• making funeral arrangements
  • notifying beneficiaries of any interest they have in the Will
  • updating beneficiaries on the administration of the estate and any distributions
  • responding to any requests for information
  • preparing and filing final tax returns for the deceased
  • notifying government agencies, utility providers, financial institutions, insurance providers, and so on that the Will-maker has died.

Probate and Distribution

One of the first duties of the executor is to obtain a Grant of Probate from the Supreme Court of Victoria. This is usually done by putting together and lodging an application with the Prothonotary Office and is often done by a solicitor retained by the executor. 

Once the executor has the Grant of Probate, they can go about actioning their duties. The Executor can then use the Grant of Probate to identify and call in assets, prepare assets for sale in anticipation of paying creditors of the deceased, and making the final distributions as per the directions set out in the Will.


As mentioned above, the executor must call in and secure the assets of the estate. To do this, the executor must contact financial institutions, service providers, and government agencies to find out about all assets and debts of the deceased. 

The executor will also need to carry out title searches, company searches, and other relevant public searches to identify any structures, businesses, companies, trusts, and similar that will need to be administered by the executor.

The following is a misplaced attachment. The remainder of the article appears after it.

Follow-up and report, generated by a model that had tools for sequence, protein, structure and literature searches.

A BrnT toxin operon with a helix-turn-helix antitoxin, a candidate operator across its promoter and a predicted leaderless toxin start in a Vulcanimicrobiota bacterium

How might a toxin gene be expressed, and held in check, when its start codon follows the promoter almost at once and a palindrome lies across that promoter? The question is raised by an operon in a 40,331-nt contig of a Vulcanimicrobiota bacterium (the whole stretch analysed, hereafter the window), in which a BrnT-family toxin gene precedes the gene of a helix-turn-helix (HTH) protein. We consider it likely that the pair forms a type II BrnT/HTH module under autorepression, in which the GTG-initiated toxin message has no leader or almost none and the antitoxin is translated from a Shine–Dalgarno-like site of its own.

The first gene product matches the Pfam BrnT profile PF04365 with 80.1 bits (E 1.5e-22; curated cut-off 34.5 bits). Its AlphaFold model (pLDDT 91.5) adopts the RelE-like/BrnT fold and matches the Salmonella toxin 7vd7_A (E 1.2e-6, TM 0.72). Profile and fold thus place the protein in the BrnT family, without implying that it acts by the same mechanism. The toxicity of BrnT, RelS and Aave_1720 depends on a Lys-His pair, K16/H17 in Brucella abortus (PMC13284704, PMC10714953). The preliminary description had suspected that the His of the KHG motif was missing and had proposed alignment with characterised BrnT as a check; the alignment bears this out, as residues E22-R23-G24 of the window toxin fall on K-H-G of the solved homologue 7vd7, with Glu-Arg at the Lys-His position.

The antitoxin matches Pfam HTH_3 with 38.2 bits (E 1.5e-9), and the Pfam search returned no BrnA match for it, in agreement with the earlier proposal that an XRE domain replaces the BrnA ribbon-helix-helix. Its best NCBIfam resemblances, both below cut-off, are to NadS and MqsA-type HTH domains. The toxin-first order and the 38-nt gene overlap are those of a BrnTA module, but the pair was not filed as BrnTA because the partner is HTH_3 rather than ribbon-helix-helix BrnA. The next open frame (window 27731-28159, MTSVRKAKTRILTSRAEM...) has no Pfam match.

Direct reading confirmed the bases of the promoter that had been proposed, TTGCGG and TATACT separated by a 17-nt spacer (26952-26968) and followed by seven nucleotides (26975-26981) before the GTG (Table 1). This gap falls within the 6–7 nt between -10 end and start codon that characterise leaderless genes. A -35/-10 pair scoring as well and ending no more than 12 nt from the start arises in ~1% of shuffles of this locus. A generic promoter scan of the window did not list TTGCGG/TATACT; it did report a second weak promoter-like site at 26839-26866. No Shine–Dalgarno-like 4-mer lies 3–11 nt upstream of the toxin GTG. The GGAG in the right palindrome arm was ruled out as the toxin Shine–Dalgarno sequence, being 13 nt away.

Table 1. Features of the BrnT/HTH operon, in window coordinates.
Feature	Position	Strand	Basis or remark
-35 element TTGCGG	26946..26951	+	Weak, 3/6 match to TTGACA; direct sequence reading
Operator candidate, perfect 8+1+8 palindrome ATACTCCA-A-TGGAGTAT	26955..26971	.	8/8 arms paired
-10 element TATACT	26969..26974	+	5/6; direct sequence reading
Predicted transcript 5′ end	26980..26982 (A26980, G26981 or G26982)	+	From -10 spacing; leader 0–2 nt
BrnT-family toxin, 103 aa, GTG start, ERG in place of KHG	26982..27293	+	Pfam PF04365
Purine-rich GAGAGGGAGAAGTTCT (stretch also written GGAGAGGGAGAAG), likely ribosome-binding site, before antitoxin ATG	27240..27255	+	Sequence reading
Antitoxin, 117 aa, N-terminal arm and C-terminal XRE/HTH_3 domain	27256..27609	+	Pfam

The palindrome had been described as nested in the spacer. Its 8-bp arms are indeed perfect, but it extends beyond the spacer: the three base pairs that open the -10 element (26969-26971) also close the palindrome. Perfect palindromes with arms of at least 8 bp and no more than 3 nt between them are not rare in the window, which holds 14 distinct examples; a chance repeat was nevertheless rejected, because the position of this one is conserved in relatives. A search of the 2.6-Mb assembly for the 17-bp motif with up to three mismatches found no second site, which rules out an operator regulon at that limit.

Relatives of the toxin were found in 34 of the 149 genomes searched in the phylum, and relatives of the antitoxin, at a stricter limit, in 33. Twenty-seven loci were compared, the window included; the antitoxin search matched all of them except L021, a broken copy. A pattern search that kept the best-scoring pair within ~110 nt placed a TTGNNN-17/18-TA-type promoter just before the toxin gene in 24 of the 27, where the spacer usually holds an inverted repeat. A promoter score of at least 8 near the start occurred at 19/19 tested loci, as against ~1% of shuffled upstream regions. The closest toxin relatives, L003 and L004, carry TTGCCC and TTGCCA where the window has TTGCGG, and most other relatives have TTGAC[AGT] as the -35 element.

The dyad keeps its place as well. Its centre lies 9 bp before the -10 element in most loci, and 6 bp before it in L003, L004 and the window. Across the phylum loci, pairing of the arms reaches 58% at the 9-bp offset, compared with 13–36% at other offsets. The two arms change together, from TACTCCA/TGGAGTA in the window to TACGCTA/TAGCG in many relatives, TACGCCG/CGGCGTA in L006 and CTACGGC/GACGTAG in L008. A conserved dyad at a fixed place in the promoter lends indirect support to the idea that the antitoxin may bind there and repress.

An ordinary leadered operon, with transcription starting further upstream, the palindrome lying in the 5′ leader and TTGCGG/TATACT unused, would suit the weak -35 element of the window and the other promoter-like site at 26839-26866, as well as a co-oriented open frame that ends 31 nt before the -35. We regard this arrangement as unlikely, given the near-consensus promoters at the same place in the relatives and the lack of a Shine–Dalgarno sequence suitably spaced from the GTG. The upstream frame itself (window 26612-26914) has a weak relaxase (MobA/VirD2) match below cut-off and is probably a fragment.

Can there be more than one Executor of a Will?

There can be more than one executor of a Will. In fact, it is not uncommon for siblings to be named as co-executors of a parent’s Will. Such appointments will involve all the usual considerations when appointing an executor, however, further thought should be given as to how disputes between the co-executors will be resolved.

Can an Executor of a Will also be a Beneficiary?

Being an executor of a Will does not preclude someone from being a beneficiary. Executors are frequently named as beneficiaries of the Will, particularly in situations where the executor is a family member of the deceased. 

This situation may give rise to an actual or perceived conflict of interest, especially where the executor is receiving a fee for the work done, has an interest greater than that of the other beneficiaries, or there is an argument that the deceased did not leave sufficient assets to meet his/her wishes. 

Remember, the primary duty of the executor is to act in the interests of the deceased and fulfil the deceased’s wishes in accordance with their Will. If the executor of the Will is also a beneficiary, the executor’s actions may be called into question and claims may be made that the executor is acting in his or own best interests rather than that of the deceased. 

For more legal advice regarding becoming an executor of a will, book a consultation with Rockwell Family Law

Being an executor of a Will can be time consuming, stressful, and complicated. For tailored advice about becoming or acting as an executor of a Will, book a consultation with the experienced, knowledgeable, and caring lawyers at Rockwell Family Law.

We’re here to help. Talk with us today.